Hereditary angioedema breakthrough attack

Hereditary Angioedema Breakthrough Attack: What is it?

Hereditary angioedema (HAE) is a genetic, inherited condition that causes swelling, especially in the face, throat and abdomen. It can occur without warning and can affect people of any age. In some cases, a person with HAE can experience a severe attack called a breakthrough attack, which is a sudden, severe and often life-threatening attack that cannot be prevented by preventive medicines.

The primary goal of breakthrough attack treatment is to reduce the swelling and shorten the duration of the attack. Treatments options for breakthrough attack include:

  • C1 esterase inhibitor (C1-INH) replacement therapy: This type of therapy is an injection of a concentrated form of C1-INH, which is a protein in the body that helps reduce swelling during flare-ups.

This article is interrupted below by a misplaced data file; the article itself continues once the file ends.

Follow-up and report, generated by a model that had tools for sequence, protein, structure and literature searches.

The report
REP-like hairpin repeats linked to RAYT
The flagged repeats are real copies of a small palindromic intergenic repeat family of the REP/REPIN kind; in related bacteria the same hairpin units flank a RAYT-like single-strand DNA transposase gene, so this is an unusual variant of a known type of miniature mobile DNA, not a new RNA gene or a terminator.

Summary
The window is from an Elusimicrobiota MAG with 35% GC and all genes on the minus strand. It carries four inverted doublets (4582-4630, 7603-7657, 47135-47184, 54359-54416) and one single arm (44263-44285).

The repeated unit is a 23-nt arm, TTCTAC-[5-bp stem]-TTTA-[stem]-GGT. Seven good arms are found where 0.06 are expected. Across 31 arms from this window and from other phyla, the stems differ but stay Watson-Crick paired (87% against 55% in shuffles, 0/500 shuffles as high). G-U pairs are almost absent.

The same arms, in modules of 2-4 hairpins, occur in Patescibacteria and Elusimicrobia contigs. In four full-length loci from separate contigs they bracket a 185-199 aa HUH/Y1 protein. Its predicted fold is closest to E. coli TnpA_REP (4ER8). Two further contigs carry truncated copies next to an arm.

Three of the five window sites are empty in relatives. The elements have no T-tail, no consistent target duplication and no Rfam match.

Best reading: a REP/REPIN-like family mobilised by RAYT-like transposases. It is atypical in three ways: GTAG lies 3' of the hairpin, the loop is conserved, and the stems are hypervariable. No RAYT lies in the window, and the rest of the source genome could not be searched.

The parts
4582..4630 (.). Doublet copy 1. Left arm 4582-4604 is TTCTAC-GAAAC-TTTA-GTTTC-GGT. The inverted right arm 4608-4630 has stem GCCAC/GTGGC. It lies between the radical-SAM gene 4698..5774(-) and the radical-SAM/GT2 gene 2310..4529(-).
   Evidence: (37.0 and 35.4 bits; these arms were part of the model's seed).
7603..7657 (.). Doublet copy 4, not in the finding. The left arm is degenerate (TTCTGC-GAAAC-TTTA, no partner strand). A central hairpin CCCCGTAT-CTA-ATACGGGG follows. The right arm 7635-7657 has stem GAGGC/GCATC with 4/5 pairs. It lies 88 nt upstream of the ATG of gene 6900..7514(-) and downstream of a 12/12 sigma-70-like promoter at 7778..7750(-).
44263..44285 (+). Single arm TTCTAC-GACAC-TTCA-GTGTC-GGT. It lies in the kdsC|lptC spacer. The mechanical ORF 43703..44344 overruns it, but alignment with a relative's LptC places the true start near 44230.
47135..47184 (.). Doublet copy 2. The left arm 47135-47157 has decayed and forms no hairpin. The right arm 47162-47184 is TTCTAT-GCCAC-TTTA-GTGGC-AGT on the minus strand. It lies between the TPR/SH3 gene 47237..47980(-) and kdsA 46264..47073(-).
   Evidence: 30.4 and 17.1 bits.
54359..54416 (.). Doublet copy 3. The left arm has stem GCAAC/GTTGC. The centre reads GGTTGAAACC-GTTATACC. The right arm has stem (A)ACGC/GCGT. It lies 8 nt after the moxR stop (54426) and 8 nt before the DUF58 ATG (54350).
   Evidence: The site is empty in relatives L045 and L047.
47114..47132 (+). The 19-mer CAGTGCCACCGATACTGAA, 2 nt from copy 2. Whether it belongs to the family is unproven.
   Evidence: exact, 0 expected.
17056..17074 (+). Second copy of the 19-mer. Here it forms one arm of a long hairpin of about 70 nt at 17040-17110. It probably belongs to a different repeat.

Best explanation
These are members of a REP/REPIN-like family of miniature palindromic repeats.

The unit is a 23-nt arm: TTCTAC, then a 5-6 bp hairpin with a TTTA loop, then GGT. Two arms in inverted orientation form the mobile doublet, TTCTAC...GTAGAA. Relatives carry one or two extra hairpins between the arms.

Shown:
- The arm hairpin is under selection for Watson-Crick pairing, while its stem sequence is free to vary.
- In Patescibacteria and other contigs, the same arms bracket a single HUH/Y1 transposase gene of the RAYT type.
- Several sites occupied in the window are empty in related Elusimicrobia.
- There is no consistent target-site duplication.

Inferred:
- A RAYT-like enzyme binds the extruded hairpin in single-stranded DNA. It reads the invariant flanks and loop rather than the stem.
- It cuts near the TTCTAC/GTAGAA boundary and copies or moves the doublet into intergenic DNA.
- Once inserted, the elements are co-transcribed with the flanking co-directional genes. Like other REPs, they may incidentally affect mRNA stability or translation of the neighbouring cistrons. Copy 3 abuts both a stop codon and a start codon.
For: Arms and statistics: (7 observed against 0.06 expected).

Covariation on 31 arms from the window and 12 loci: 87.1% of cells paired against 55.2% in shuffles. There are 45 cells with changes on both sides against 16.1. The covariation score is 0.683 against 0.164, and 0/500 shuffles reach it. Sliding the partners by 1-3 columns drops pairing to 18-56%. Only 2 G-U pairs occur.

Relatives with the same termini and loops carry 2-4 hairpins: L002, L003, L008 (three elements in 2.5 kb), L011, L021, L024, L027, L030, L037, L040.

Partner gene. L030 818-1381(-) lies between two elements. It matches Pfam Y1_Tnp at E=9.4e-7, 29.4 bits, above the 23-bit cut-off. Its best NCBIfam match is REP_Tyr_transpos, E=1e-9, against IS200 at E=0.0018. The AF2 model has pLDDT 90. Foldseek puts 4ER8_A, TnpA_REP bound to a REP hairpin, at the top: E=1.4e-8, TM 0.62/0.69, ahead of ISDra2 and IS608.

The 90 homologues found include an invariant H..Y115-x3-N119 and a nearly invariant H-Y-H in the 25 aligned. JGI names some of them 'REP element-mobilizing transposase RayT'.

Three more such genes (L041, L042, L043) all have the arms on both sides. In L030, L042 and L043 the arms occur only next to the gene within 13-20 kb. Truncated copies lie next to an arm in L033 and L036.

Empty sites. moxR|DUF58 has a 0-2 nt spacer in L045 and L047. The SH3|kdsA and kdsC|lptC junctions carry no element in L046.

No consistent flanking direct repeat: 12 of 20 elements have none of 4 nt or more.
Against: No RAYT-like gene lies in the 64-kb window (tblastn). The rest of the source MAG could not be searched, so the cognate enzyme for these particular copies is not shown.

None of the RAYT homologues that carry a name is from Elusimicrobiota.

• Androgens: Androgens are hormones that the body produces in small amounts. They can be given in pill or injection form. androgens are sometimes used to treat HAE breakthrough attacks, but they can have side effects that can affect the liver and heart.
  • Corticosteroids: Corticosteroids are medications that are used to reduce inflammation. They can be used to reduce the swelling associated with HAE breakthrough attacks.
  • Antihistamines: Antihistamines are medications that can be taken to reduce inflammation. They are most commonly used to treat allergic reactions, but can also be used to treat HAE breakthrough attacks.

The choice of treatment for a breakthrough attack will depend on the individual situation, and the doctor will use the best treatment available. If, after treatment, the patient still experiences symptoms, then the doctor may prescribe additional medications to help reduce the swelling.